Biotransformation

Remdesivir is extensively metabolized to the pharmacologically active nucleoside analog triphosphate GS-443902 (formed intracellularly). The metabolic activation pathway involves hydrolysis by esterases, which leads to the formation of the intermediate metabolite, GS-704277. Phosphoramidate cleavage followed by phosphorylation forms the active triphosphate, GS-443902. Dephosphorylation of all phosphorylated metabolites can result in the formation of nucleoside metabolite GS-441524 that itself is not efficiently re-phosphorylated. The human mass balance study also indicates presence of a currently unidentified major metabolite (M27) in plasma.

Elimination

Following a single 150 mg IV dose of [14C]-remdesivir, mean total recovery of the dose was 92%, consisting of approximately 74% and 18% recovered in urine and feces, respectively. The majority of the remdesivir dose recovered in urine was GS-441524 (49%), while 10% was recovered as remdesivir. These data indicate that renal clearance is the major elimination pathway for GS-441524. The median terminal half-lives of remdesivir and GS-441524 were approximately 1 and 27 hours, respectively.

Other special populations

Gender, race and age

Pharmacokinetic differences for gender, race, and age have not been evaluated.

Paediatric patients

The pharmacokinetics in paediatric patients have not been evaluated.

Renal impairment

The pharmacokinetics of remdesivir and GS-441524 in renal impairment has not been evaluated. Remdesivir is not cleared unchanged in urine to any substantial extent, but its main metabolite GS-441524 is renally cleared and the metabolite levels in plasma may theoretically increase in patients with impaired renal function. The excipient betadex sulfobutyl ether sodium is renally cleared and accumulates in patients with decreased renal function. Veklury should not be used in patients with eGFR <30 mL/min.

Hepatic impairment

The pharmacokinetics of remdesivir and GS-441524 in hepatic impairment has not been evaluated. The role of the liver in the metabolism of remdesivir is unknown.

Interactions

The potential of interaction of remdesivir as a victim was not studied with regards to the inhibition of the hydrolytic pathway (esterase). The risk of clinically relevant interaction is unknown.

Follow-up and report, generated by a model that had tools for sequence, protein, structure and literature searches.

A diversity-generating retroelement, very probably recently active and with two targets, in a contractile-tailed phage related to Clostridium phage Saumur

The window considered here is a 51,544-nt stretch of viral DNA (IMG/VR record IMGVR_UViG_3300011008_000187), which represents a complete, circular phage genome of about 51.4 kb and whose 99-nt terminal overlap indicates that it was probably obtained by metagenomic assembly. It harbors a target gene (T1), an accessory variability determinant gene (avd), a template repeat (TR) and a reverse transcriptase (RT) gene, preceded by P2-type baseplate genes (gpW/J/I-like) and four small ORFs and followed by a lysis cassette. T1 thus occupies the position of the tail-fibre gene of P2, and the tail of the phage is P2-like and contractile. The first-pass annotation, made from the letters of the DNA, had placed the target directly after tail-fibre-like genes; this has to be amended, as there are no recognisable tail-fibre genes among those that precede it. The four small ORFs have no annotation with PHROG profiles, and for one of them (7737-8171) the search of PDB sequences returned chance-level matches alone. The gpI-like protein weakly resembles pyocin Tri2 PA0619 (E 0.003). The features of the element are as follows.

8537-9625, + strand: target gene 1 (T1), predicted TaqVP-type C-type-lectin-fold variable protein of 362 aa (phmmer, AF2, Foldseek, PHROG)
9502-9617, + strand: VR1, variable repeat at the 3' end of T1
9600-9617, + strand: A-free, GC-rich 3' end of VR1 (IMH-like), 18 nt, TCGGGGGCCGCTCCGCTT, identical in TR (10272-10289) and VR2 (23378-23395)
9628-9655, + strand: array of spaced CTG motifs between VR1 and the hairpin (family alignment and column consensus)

Remdesivir inhibited CYP3A4 in vitro (see section 4.5). At physiologically relevant concentrations (steady-state), remdesivir or its metabolites GS-441524 and GS-704277 did not inhibit CYP1A2, 2B6, 2C8, 2C9, 2C19, and 2D6 in vitro. Remdesivir may however transiently inhibit CYP2B6, 2C8, 2C9 and 2D6 on the first day of administration. The clinical relevance of this inhibition was not studied. The potential for time-dependent inhibition of CYP450 enzymes by remdesivir was not studied.

Remdesivir induced CYP1A2 and potentially CYP3A4, but not CYP2B6 in vitro (see section 4.5).

In vitro data indicates no clinically relevant inhibition of UGT1A1, 1A3, 1A4, 1A6, 1A9 or 2B7 by remdesivir or its metabolites GS-441524 and GS-704277.

Remdesivir inhibited OATP1B1 and OATP1B3 in vitro (see section 4.5). No data is available for OAT1, OAT3 or OCT2 inhibition by remdesivir.

At physiologically relevant concentrations, remdesivir and its metabolites did not inhibit PgP and BCRP in vitro.

5.3 Preclinical safety data

Toxicology

Following intravenous administration (slow bolus) of remdesivir to rhesus monkeys and rats, severe renal toxicity occurred after short treatment durations. In male rhesus monkeys at dosage levels of 5, 10, and 20 mg/kg/day for 7 days resulted, at all dose levels, in increased mean urea nitrogen and increased mean creatinine, renal tubular atrophy, and basophilia and casts, and an unscheduled death of one animal at the 20 mg/kg/day dose level. In rats, dosage levels of >3 mg/kg/day for up to 4 weeks resulted in findings indicative of kidney injury and/or dysfunction. Systemic exposures (AUC) of the predominant circulating metabolite of remdesivir (GS-441524) were 0.1 times (monkeys at 5 mg/kg/day) and 0.3 times (rat at 3 mg/kg/day) the exposure in humans at the RHD. An unidentified major metabolite (M27) was shown to be present in human plasma (see section 5.2). The exposure of M27 in rhesus monkeys and rats is unknown. Animal studies may therefore not be informative of potential risks associated with this metabolite.

Carcinogenesis

Long-term animal studies to evaluate the carcinogenic potential of remdesivir have not been performed.

Mutagenesis

Remdesivir was not genotoxic in a battery of assays, including bacterial mutagenicity, chromosome aberration using human peripheral blood lymphocytes, and in vivo rat micronucleus assays.

Reproductive toxicity

In female rats, decreases in corpora lutea, numbers of implantation sites, and viable embryos, were seen when remdesivir was administered intravenously daily at a systemically toxic dose (10 mg/kg/day) 14 days prior to mating and during conception; exposures of the predominant circulating metabolite (GS-441524) were 1.3 times the exposure in humans at the RHD. There were no effects on female reproductive performance (mating, fertility, and conception) at this dose level.